From left to right: Rick King, Judge Doty, Ericka Holmquist-Wall, Professor Cribari

From left to right: Rick King, Judge Doty, Ericka Holmquist-Wall, Professor Cribari

For centuries, many pieces of fine art and antiquities were considered the spoils of war or simply spirited away from their country of origin, only to land in museums, private collections or the auction block. But in the modern era where cultural preservation has taken center-stage, debates on museum ownership, artist’s rights and cultural preservation have arisen.

Last Thursday, Thomson Reuters and the Minneapolis Institute of Arts (MIA) hosted “Who Owns Matisse,” a panel discussion on the intersection of art and law.

With the museum’s exhibit Matisse: Masterworks from the Baltimore Museum of Art as the backdrop for the evening, Rick King, Thomson Reuters COO of Technology, moderated a lively panel discussion with Judge David Doty, U.S. District Court for the District of Minnesota; Professor Stephen Cribari, University of Minnesota Law School; and Ericka Holmquist-Wall, assistant curator, Paintings and Provenance Specialist, MIA.

Though the Matisse works at the MIA are not in dispute – the exhibit is on loan from the Baltimore Museum of Art’s Cone Collection – as Holmquist-Wall explained, it’s a common and complicated scenario to find disputed works in museums. Paintings, sculptures and other art objects are sourced by provenance documentation – a record of previous ownership and origin. At times during this arduous research process, works of art can be identified on databases of stolen art. While the legal process can help original owners or their families reclaim art, what happens with antiquities or cultural artwork?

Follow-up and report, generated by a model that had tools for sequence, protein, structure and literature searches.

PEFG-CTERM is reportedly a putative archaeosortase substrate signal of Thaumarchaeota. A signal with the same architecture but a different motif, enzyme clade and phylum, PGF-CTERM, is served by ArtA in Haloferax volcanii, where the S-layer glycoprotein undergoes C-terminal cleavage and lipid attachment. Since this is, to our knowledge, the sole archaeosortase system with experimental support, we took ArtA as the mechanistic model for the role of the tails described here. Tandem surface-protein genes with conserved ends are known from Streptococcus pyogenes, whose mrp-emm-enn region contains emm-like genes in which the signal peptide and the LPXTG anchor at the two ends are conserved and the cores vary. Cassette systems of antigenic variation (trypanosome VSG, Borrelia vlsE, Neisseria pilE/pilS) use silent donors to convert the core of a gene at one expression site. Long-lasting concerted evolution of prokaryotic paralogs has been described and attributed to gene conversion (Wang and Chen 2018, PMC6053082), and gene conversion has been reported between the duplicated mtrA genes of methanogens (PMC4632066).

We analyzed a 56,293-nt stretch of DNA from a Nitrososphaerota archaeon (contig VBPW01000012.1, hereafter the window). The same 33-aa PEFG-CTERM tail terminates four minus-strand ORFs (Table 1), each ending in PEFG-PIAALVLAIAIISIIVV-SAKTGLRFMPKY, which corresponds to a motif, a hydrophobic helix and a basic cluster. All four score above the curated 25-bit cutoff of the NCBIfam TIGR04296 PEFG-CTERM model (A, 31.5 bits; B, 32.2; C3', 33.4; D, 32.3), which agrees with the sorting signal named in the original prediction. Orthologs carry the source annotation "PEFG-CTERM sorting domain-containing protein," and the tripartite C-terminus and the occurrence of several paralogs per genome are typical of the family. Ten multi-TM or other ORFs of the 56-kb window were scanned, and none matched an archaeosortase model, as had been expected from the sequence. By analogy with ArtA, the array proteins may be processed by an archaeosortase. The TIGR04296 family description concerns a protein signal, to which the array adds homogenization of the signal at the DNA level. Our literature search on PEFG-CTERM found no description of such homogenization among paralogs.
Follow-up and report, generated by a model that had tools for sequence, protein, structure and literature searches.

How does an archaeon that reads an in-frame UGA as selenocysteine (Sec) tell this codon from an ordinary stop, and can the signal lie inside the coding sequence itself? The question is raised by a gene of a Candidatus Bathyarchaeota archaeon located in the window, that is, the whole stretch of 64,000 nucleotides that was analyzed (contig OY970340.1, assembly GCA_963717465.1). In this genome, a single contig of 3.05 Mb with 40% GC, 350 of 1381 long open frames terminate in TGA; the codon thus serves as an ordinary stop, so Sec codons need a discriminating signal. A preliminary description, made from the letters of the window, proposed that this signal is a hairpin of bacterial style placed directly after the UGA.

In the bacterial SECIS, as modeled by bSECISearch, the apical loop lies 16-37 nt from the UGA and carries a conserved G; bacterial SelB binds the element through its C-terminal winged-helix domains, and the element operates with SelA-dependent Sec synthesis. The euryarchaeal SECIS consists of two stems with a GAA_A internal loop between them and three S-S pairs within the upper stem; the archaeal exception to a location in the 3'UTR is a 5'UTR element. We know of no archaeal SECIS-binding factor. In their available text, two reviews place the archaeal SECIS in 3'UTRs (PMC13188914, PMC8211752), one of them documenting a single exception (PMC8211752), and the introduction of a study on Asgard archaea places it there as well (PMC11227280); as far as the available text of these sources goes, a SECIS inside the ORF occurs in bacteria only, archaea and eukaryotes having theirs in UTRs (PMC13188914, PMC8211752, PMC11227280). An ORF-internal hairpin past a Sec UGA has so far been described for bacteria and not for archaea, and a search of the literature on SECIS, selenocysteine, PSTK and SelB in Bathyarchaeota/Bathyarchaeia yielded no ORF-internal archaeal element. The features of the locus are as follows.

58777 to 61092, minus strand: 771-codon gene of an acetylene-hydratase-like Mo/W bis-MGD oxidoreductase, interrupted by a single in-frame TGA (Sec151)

“About 75 percent of the antiquities in every American museum [is] unsourced,” said Holmquist-Wall. While laws, such as the UNESCO 1970 Convention, prevents illicit trade in antiquities, museum curators and attorneys face a new set of complicated questions.

“What if you have a work that is claimed by the Hermitage [Museum in Russia]?” asked Cribari. “With what’s going on in the Ukraine, do you send it back?”

Cribari and Holmquist-Wall both noted that art curators, absent, or in some cases in spite of the law, rely on an obligation to protect art in the interest of the public trust.

“To any attorneys who want to get into this field, you will need to use your imagination,” said Cribari

While the discussion barely scratched the surface of this vast topic, in a humorous moment, King quipped: “I find it terribly ironic that Matisse was a lawyer.”

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